Even more than Gordon Gekko, Leona Helmsley symbolized the “greed is good” ethos of the eighties. Her trial in 1989 for tax evasion was a delicious coda to the decade, offering up the pleasure of watching the Queen of Mean, outrageous, nasty, and entitled, be forced to swap her 10,000-square-foot Park Lane penthouse for a prison cell.
The daughter of a Brooklyn hat manufacturer, tough-talking Leona Mindy Rosenthal worked her way up from receptionist to top real-estate broker—jettisoning two husbands en route—when she caught the eye of the married older billionaire Harry Helmsley.
After marrying the unassuming Harry in 1972, she became a household name, starring in glitzy cleavage-baring ads for Helmsley hotels as the perfectionist “queen,” guaranteeing the good life for guests and willing to terrorize the staff. It wasn’t an act. Leona humiliated and fired employees at whim.
She also had an obsession with avoiding taxes. Caught up in a sting involving Van Cleef & Arpels, she received immunity for testifying that jewelry-store employees allowed her to walk out with thousands of dollars of baubles and shipped empty boxes to her out-of-town residences to save on sales tax. After she and Harry stiffed the contractors renovating their 28-room Greenwich home, disgruntled employees alerted the Post about the Helmsleys’ curious habit of charging pricey renovations (a marble dance floor, a $130,000 stereo system) to corporate accounts. Enter crusading prosecutor Rudy Giuliani.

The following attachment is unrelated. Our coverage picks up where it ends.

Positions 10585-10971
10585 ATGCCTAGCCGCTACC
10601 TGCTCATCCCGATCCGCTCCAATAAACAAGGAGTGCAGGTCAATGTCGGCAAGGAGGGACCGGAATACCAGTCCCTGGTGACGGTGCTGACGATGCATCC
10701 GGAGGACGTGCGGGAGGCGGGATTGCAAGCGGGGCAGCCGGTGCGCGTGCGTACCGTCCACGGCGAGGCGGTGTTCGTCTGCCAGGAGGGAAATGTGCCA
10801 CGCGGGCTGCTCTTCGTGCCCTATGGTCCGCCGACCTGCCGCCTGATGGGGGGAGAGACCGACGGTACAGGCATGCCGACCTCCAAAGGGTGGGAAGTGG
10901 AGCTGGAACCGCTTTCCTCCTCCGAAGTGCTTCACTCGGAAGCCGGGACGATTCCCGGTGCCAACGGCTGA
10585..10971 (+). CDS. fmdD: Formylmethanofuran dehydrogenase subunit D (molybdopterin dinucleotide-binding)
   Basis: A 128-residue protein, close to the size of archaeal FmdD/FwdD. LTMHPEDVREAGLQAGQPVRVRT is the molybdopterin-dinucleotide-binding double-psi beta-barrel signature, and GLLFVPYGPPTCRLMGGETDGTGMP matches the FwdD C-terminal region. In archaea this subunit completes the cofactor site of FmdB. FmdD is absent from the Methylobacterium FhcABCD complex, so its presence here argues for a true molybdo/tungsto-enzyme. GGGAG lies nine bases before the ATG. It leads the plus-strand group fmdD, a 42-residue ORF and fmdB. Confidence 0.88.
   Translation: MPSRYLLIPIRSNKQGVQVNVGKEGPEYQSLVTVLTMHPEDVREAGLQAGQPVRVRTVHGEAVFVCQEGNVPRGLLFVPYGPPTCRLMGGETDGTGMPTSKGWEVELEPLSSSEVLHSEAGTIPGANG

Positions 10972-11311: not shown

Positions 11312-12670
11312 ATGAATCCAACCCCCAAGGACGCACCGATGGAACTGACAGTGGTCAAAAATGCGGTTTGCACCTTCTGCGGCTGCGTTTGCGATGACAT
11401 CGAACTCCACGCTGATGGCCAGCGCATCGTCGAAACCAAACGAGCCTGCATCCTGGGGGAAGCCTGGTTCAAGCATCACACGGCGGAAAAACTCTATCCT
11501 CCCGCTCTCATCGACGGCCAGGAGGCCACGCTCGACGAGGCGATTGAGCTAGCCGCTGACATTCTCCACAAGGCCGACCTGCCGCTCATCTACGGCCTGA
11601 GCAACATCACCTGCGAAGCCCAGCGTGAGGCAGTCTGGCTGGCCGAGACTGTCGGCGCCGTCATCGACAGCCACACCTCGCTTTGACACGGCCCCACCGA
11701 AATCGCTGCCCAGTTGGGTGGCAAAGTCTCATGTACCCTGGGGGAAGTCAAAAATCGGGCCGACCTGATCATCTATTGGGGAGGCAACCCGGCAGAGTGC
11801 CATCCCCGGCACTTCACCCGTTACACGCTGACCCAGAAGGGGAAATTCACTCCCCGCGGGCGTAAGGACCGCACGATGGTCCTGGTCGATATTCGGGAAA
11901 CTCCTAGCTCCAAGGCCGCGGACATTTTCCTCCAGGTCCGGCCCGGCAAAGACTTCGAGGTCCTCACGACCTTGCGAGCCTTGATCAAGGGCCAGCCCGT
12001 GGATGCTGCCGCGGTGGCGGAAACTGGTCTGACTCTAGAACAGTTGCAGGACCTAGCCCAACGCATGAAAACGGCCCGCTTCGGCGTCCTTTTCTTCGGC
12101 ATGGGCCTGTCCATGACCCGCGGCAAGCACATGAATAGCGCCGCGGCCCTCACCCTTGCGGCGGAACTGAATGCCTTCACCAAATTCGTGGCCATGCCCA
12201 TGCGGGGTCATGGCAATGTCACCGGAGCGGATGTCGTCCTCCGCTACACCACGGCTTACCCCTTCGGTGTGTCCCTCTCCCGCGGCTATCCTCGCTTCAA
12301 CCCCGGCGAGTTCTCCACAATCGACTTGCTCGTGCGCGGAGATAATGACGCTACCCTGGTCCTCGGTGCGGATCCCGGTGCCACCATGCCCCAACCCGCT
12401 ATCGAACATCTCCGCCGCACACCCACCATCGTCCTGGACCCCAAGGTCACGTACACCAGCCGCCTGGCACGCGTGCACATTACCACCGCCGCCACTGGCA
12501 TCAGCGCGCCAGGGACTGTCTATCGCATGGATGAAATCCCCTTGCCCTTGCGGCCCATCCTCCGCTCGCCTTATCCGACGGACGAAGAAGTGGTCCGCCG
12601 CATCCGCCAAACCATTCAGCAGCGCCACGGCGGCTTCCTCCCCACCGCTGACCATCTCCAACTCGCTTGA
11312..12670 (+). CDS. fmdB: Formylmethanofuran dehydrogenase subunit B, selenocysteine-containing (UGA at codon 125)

Charged with 235 counts of tax evasion, Harry, a frail 80-year-old, was found unfit to stand trial, so Leona was left to face her employees’ revenge. The high point: housekeeper Elizabeth Baum’s recounting that Leona told her “We don’t pay taxes, only the little people pay taxes.”
Fined $7.1 million, Leona served eighteen months in prison and was freed in 1994 (her husband died in 1997). She was later sued by two employees who claimed she fired them because they were gay. She lived until 2007, leaving one last spiteful surprise in her will: disinheriting two grandchildren and leaving $12 million to her Maltese, Trouble, a biter who attacked staff. A judge slashed the bequest to $2 million. Trouble, who received death threats (requiring a $100,000 yearly security retinue), died in 2010.
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